NASA satellites to help farmers irrigate
It may be an old principle in a new mode, but NASA satellites are primed to help farmers apply irrigation water at the right time and place.
This eye-in-the-sky technology is being coordinated by engineers and scientists at three well-known California sites: the Ames Research Center in Sunnyvale, the Jet Propulsion Laboratory in Pasadena and the Marshall Space Flight Center in Mountain View.
After completion of NASA's comprehensive test program this year, farmers should be able to take advantage of satellite-produced information received on their laptops or even their cell phones and apply it to crop co-efficients and evapo-transpiration rates specific to their crops.
The key will be photographs taken by satellites circling the earth, passing over California regularly. They will show the presence or lack of water in irrigated fields as revealed by the condition of crops growing there. Tapping into interpretations of the photos by NASA scientists will give farmers strategic guidance regarding water use.
The photos from the satellites also will provide a definitive measure of snow in the Sierra, leading to projections of water yield and expectations of runoff to dozens of storage reservoirs and lakes, even flood forecasting.
Partners with NASA in the project include the California Department of Water Resources, the U.S. Department of Agriculture's Agricultural Research Service and Natural Resource Conservation Service, local universities, water districts, irrigation consultants and agricultural producers.
Significant input to the project is being provided by Western Growers (WG), the organization that represents many growers and shippers of vegetable, citrus, tree fruit and grape crops throughout the state. An article in the organization's monthly magazine outlined the process and its prospects, written by Sonia Salas, WG's science and technology manager.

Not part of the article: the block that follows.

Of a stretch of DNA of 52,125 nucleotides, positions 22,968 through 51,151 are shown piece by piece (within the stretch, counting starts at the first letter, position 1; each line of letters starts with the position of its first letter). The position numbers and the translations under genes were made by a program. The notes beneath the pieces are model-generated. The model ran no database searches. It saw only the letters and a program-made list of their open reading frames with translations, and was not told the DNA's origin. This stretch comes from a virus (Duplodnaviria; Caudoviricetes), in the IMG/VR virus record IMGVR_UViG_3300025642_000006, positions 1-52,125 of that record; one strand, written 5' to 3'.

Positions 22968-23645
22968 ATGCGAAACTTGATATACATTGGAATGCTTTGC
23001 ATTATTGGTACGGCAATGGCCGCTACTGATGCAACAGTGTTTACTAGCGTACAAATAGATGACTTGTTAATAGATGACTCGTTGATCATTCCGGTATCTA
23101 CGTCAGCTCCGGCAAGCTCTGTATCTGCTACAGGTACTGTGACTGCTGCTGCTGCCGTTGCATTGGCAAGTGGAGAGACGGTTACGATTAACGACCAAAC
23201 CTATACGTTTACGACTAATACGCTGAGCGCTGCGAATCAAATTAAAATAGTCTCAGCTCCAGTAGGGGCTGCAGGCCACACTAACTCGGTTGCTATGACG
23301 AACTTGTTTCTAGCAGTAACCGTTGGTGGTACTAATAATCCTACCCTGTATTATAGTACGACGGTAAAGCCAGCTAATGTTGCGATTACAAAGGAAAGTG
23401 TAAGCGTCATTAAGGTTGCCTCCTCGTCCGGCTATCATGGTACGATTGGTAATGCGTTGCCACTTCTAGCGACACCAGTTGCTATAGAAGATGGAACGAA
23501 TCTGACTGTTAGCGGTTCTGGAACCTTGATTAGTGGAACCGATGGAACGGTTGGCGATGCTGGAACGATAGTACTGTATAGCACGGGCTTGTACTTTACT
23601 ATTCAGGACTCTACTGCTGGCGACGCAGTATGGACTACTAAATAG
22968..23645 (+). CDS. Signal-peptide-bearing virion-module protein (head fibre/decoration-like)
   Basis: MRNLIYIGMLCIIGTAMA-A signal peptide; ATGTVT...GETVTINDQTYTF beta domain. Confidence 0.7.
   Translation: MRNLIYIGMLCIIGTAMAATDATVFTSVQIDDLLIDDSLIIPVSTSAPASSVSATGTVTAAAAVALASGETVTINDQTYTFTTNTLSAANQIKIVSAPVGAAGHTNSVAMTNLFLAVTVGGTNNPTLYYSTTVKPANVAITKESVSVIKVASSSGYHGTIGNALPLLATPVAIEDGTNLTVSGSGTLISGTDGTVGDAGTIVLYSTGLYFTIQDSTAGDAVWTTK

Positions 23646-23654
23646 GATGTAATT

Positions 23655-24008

The article pointed out that personnel at California State University, Monterey Bay, are directly involved and will help develop and maintain the communication with the grower community necessary to monitor and forecast irrigation demand and water supplies in California.
One operator of a Central Valley agricultural and soils laboratory has followed the NASA involvement from a distance. He admitted that the technology is sophisticated and perhaps futuristic, but not that different from soil moisture testing techniques used by farmers for years.
Also, he predicted that the ultimate effectiveness of the system will depend on "ground troops," experienced people with their feet on the ground who can interpret the star-borne data and relate it to specific needs in often unique settings.
So farmers, with a solid reputation for having their feet on the ground, can be expected to evaluate and apply the space-originated technology as long as it saves water for them and other water users, as well as saving time and money.
Like other tools used in agriculture, from tractors guided by the global positioning system, and land sculpted by using of laser technology to sophisticated harvesting machines and complex handling systems, farmers will look for the proof of the system in its performance and its profitability.
CONTACT Don Curlee at email@example.com